There is still no technology on Earth that allows people to predict the date and time an earthquake could happen but scientists all over the world have developed methods to determine the possible locations where tectonic quakes might originate.
Geoscientists have tried their best to create a map of the so-called ‘faults’ or fault lines beneath the Earth’s surface as these are the ones that move and create tectonic earthquakes.
Now, while there are relatively small fault lines spread across several areas, there are also major fault lines whose movement could produce a massive earthquake which could potentially lead to severe damage to property, produce cracks on the Earth’s surface, lead to tsunamis, among others.
One of these fault lines is the West Valley Fault located in the Philippines. The Philippine Institute of Volcanology and Seismology (PHIVOLCS) has confirmed that major movement of this plate could lead to the ‘Big One’ earthquake.
Again, there is no telling when that would happen but the agency believes it could occur anytime, especially because irregular movements have been detected in the area. Moreover, there have been several earthquakes across the country.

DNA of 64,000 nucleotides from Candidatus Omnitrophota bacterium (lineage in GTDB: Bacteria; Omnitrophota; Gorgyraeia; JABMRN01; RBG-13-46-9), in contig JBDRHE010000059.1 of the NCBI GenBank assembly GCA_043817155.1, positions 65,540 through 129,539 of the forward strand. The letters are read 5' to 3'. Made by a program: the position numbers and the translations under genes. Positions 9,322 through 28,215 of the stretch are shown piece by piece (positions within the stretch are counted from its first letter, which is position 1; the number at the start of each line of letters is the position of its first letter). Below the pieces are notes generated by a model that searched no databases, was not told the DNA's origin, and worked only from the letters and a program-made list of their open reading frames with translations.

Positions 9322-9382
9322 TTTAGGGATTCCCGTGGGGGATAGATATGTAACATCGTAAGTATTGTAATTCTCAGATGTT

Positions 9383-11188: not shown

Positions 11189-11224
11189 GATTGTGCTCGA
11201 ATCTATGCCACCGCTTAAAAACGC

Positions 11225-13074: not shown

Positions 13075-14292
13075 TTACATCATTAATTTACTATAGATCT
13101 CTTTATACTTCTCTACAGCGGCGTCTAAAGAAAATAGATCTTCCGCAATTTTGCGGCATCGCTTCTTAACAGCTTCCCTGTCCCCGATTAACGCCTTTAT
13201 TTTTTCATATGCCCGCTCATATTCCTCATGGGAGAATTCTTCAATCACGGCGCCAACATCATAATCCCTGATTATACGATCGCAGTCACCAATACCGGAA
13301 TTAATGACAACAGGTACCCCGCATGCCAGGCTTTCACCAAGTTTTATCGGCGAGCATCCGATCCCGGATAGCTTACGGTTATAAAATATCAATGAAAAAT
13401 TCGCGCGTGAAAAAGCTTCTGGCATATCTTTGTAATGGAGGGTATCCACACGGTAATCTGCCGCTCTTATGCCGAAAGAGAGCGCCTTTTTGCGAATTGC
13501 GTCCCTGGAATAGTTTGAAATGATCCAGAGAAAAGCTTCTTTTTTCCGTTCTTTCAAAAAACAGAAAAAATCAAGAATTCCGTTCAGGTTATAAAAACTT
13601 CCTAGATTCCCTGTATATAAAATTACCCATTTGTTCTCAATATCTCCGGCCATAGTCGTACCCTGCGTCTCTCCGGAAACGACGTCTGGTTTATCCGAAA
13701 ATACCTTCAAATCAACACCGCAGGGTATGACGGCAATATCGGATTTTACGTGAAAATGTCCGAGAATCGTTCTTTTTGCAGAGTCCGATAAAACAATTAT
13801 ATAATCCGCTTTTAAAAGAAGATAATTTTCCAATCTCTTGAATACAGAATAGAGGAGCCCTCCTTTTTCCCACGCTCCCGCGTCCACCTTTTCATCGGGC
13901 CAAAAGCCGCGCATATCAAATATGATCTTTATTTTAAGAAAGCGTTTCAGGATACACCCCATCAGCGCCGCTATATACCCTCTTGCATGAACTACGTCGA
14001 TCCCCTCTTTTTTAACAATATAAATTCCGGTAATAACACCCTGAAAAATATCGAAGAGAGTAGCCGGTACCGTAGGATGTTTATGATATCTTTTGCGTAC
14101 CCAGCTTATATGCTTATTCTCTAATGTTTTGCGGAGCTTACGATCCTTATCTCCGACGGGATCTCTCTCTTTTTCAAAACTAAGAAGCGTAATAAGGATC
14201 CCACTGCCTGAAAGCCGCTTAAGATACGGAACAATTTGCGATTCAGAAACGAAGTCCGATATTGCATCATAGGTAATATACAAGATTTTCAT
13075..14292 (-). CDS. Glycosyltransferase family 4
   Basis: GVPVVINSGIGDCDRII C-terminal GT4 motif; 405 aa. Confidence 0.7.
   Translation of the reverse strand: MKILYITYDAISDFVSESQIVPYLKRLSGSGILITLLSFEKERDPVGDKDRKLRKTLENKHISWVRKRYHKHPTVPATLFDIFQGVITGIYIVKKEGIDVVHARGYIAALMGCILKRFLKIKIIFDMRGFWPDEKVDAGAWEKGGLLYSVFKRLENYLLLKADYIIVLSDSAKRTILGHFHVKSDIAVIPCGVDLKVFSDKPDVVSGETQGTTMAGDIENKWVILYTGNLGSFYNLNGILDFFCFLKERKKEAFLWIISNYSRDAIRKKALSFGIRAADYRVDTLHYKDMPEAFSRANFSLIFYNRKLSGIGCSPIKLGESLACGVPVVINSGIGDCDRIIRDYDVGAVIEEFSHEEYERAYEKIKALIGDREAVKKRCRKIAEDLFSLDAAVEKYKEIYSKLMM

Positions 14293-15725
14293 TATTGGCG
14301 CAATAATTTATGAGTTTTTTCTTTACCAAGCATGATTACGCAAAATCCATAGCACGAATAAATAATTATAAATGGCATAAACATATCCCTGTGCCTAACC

To date, PHIVOLCS is monitoring two major fault lines as these could affect a large part of Luzon, including Metro Manila.
It is expected that a 7.2 magnitude earthquake could be produced by the movement of the plates along these fault lines – and that intensity is definitely not a joke, especially considering the presence of numerous high-rise buildings in Metro Manila as well as dams across many areas in Luzon.
Some studies even show that tsunamis as high as 32 feet could affect the coastal areas.
WARNING: Before you dismiss this as “another fake news”, DWCM Aksyon Radyo Pangasinan points out that PHIVOLCS has a “Fault Finder” map application on the DOST’s (Department of Science and Technology) official website.
We are not trying to scare people but actually hope that by sharing this information, everyone will be prepared for any disaster, especially for a 7.2-magnitude earthquake. PHIVOLCS suggests regular earthquake drills and trainings, especially in public places such as schools and government offices.